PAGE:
No Revenue, Profit or Free Cash Flow? Now what?

Posted on February 12, 2008


In my recent post, I discussed how a firm’s value could be determined simply by discounting the total revenue of the firm over a reasonable time period using an appropriate discount rate – the “Discounted Revenue Valuation Model” (DRVM)- because a firm’s revenue represents the total benefit received by its customers.

DVRM focuses more on the economic, or intrinsic, value of a firm, not the market value of a firm. Financial markets and investors have shown a propensity to ignore economic valuations, instead valuing firms at artifically higher levels, creating a “market value” that exceeds true “economic value.” This is the fundamental issue that I am addressing in these series of posts.

While I think DVRM a good starting point to begin to alter the way we think about firm valuation, practical challenges emerge with using this approach.

From a financial and accounting standpoint, it is possible for a firm’s expenses to exceed its revenues. If a firm under evaluation has this condition, then the firm would not be a sustainable enterprise over the long run (assuming no change in the growth rates of revenues relative to expenses over time). So it seems that revenue alone cannot serve as the only indicator or proxy for determining firm value.

Arguably, it would be more responsible to take into account what’s left from a firm’s revenue after deducting all expenses. This is commonly known as “income” or “profit.” Instead of using revenue, one could project a firm’s annual income over a reasonable time horizon, determine a discount rate that fairly represents the risk level or opporunity cost of capital for the firm, and reach a new value for the firm. Using this method, there is the implicit correction for expenses incurred by the firm to achieve their revenue.

Even so, there are still problems with using a “Discounted Income Valuation Model.” Primarily, accounting rules allow for a firm to claim expenses and revenues that are non-cash events, such as Depreciaton and Amortization on the expense side of things and Accounts Receivable on the revenue side. Therefore, accounting rules show that a firm may show an accounting profit, but may not have positive cash flows.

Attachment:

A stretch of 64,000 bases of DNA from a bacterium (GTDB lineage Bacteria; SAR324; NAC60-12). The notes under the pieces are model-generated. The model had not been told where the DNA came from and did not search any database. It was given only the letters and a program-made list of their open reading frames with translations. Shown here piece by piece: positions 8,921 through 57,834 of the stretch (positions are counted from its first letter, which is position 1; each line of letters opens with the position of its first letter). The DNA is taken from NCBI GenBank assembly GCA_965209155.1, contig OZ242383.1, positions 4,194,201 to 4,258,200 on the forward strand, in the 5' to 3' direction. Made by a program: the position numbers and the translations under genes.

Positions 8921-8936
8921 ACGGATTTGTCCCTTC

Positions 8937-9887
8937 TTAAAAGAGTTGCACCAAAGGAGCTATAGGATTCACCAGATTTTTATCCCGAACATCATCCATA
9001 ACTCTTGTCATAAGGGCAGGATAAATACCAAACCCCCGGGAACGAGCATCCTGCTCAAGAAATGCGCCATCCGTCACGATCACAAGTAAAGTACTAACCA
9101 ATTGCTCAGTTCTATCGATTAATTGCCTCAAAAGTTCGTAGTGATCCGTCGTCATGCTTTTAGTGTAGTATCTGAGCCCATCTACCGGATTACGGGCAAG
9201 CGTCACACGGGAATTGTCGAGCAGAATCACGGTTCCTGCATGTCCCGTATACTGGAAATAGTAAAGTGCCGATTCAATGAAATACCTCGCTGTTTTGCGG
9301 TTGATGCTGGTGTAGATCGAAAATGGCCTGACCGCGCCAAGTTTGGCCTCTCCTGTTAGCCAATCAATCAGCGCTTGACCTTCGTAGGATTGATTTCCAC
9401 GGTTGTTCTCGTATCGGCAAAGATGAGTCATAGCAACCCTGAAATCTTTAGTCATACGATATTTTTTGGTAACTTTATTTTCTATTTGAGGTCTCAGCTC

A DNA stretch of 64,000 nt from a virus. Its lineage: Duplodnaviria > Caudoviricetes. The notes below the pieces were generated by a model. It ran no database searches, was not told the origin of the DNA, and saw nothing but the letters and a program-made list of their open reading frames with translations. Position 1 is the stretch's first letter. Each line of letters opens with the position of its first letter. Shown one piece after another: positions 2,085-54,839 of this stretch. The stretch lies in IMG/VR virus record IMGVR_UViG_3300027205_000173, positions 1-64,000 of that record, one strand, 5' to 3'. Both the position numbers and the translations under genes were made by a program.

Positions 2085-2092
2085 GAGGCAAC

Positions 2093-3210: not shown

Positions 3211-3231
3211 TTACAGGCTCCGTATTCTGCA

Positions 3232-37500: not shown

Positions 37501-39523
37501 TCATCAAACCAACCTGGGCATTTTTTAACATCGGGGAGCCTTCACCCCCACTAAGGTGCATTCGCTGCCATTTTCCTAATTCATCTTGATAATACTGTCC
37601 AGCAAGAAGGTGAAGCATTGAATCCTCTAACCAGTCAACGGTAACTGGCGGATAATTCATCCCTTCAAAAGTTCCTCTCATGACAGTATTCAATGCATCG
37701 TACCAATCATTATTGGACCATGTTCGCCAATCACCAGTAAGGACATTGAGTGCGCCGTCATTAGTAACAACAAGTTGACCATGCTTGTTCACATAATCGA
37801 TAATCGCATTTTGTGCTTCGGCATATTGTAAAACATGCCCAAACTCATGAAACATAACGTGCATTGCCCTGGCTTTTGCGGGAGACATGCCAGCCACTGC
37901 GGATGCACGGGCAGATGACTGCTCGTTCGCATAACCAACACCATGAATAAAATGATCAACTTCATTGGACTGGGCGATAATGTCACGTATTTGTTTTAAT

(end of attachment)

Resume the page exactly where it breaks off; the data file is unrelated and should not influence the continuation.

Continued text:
Cash is king, and anyone who’s every been without money when they need will certainly attest to this. This leads us to using annual Free Cash Flows (FCF) to determine a firm’s value. Just as we did with our Revenue Valuation Model and Income Valuation Model, we just forecast FCFs through a reasonable time period, discount them back using an appropriate discount rate, and now we have the true “value” of a firm.

Every textbook in basic finance espouses this method for properly determining a firm’s value. This line of reasoning – starting with revenues, then using profits, and then using FCF to determine a firm’s value – is exactly why textbooks and academics argue that the Discounted FCF Method is the proper technique to value an asset (or firm in this case).

But, here’s the big problem –

Most start-ups generally have no FCF, Revenue, or Profit. And if this is the case with Facebook (which does have some revenue, though very little relatively speaking), how can you logically use some variation of the Revenue or FCF Valuation Models to accurately determine the true intrinsic or economic value of a firm?

I would argue that you can’t. Throwing out valuations such as 10x revenues or 100x revenues to determine a firm’s valuation is an economically unsound practice. There must be a better way to calculate firm valuation outside of some variation from the Revenue or FCF Models.